In terms of health care, I am incredibly privileged.
I have always had access to the health care I need. I have never had to skip a month of my medicine because I couldn’t afford it. I typically don’t have much of a copay when I go to the doctor for a general checkup. At 24, I am still on my dad’s health insurance plan.
As I prepare for the time when the ACA requires I leave the safety net of my father’s health insurance, I have been researching my company’s insurance policies to decide which one is right for me. Because I have a history of mental illness, I want to make sure I get the best health insurance that will cover my pre-existing conditions.
I began thinking about being tested for the BRCA gene mutation since I was 18. After watching my mom suffer and eventually pass away from aggressive breast cancer, the fear of succumbing to the same disease has lead me to think about my options.
Because my mother had never been tested for the BRCA gene mutation before her passing, I am completely in the dark about my chances of having it (fathers can also pass down the genetic mutation to their children, but as no one on my dad’s side of the family has been diagnosed with breast cancer, my father has never been tested). A few years ago, I spoke to my mom’s sister, who is also a breast cancer survivor that has not received genetic testing, about what I should do. She advised that I hold off on counseling until I knew exactly what I would do if the test came back positive for a genetic mutation (many women who test positive take the ‘Angelina Jolie route’ and undergo a double mastectomy and/or a hysterectomy, depending on their family history).
For the last six years, I have taken that advice. After all, I’m only 24; I have all the time in the world to decide something as serious and life-changing as removing my reproductive health organs.
Then the GOP introduced the Affordable Health Care Act, and everything changed.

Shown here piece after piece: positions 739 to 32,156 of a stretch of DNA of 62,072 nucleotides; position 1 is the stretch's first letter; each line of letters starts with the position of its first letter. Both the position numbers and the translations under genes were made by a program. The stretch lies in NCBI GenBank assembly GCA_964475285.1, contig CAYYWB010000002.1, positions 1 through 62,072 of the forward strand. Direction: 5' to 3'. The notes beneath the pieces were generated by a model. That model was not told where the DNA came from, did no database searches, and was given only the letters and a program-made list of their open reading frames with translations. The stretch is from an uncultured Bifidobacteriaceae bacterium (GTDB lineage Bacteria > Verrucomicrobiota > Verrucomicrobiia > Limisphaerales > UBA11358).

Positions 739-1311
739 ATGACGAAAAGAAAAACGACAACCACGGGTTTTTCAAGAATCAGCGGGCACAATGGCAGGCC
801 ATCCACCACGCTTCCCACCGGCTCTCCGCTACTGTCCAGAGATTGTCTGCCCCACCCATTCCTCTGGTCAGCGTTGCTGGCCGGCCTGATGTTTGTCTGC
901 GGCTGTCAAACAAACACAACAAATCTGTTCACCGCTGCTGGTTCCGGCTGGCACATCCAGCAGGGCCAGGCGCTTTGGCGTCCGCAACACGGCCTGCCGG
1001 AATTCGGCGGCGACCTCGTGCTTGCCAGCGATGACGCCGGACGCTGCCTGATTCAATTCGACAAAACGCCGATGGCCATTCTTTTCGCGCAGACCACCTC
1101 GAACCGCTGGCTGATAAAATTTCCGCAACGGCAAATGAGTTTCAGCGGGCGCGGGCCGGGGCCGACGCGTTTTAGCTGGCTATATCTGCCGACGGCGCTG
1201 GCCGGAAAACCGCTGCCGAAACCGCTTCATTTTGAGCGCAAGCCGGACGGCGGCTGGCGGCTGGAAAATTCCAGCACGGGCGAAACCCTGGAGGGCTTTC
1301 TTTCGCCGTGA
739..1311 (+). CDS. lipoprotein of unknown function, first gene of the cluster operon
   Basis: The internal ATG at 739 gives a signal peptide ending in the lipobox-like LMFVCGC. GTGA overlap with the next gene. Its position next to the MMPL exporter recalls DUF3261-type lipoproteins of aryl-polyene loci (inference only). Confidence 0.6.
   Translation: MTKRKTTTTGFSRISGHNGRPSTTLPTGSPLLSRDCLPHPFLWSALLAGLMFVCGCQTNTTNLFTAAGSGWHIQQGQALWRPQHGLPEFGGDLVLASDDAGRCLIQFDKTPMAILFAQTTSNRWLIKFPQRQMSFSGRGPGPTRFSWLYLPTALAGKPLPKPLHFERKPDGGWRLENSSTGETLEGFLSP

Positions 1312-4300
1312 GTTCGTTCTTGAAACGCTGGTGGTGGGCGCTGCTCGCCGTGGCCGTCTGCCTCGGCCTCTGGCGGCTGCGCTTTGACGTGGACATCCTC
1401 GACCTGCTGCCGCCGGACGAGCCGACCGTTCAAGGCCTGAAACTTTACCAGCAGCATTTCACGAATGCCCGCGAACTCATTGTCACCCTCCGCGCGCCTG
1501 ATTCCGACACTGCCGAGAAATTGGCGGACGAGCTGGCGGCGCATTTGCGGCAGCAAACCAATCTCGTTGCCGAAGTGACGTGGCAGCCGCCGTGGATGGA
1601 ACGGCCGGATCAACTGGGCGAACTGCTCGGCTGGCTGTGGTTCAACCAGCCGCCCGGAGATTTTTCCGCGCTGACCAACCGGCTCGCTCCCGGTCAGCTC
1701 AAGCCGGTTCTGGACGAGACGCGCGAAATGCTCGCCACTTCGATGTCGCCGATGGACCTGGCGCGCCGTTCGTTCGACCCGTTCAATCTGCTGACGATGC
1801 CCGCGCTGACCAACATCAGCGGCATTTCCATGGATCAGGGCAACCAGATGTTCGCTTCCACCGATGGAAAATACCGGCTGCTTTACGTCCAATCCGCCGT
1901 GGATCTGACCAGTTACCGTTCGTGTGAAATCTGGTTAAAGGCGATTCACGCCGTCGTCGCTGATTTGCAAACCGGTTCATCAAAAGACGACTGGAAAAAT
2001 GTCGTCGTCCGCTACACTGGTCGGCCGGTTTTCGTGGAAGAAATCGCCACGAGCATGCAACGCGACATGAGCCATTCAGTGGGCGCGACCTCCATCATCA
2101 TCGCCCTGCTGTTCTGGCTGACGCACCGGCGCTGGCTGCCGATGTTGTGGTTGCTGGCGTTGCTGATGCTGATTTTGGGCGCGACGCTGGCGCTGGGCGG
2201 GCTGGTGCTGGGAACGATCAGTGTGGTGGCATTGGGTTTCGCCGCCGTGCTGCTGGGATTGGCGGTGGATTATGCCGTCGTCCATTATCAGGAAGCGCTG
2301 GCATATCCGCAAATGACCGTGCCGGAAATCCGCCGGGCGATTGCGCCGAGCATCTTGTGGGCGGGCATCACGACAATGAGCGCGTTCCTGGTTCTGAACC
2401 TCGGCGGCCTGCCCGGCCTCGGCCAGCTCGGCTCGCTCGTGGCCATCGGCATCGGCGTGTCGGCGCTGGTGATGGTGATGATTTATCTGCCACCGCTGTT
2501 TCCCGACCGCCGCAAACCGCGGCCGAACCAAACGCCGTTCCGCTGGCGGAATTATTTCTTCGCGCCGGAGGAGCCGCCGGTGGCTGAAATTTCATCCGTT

Under the AHCA, pre-existing conditions will no longer be required to be covered by insurance. The bill would leave decisions of legal requirements up to states, who could also choose to place people with pre-existing conditions in something called a “high-risk pool,” where insurance premiums are known to skyrocket. Although under a different law, genetic testing cannot be considered a pre-existing condition, any preventative measures will almost absolutely be considered one. You may not be able to get to that step, though, because procedures such as double mastectomies are typically not covered by insurance, as there are “too many risks” associated with the procedures.
Which leaves me, at 24, trying to decide if I should get genetic testing, chop off my breasts, and live in debt for years, or take my chances, possibly be diagnosed with breast cancer and force any children I may have in the future to grow up without their mother, like I did.
The Affordable Care Act didn’t solve all of this country’s health problems — not even close. But it put the country on a path that led to a more just and better health care system that served everyone, not just the wealthy or privileged. The AHCA will bring us back 20 years, and then some. It will bring us to a time when people forwent health care because they needed to pay for rent. A time when people went into thousands of dollars of debt because they broke an arm. A time when family history and preventative medicine put you in a pool where no one received health care.
The future is uncertain. We don’t know if the AHCA will be signed into law. I still haven’t even decided if I will undergo genetic testing or not. I do know, however, that the decision will have to come before I turn 25, so that, if needed, I can get the preventative surgery necessary to possibly save my life while I am still privileged enough to be on affordable health insurance.
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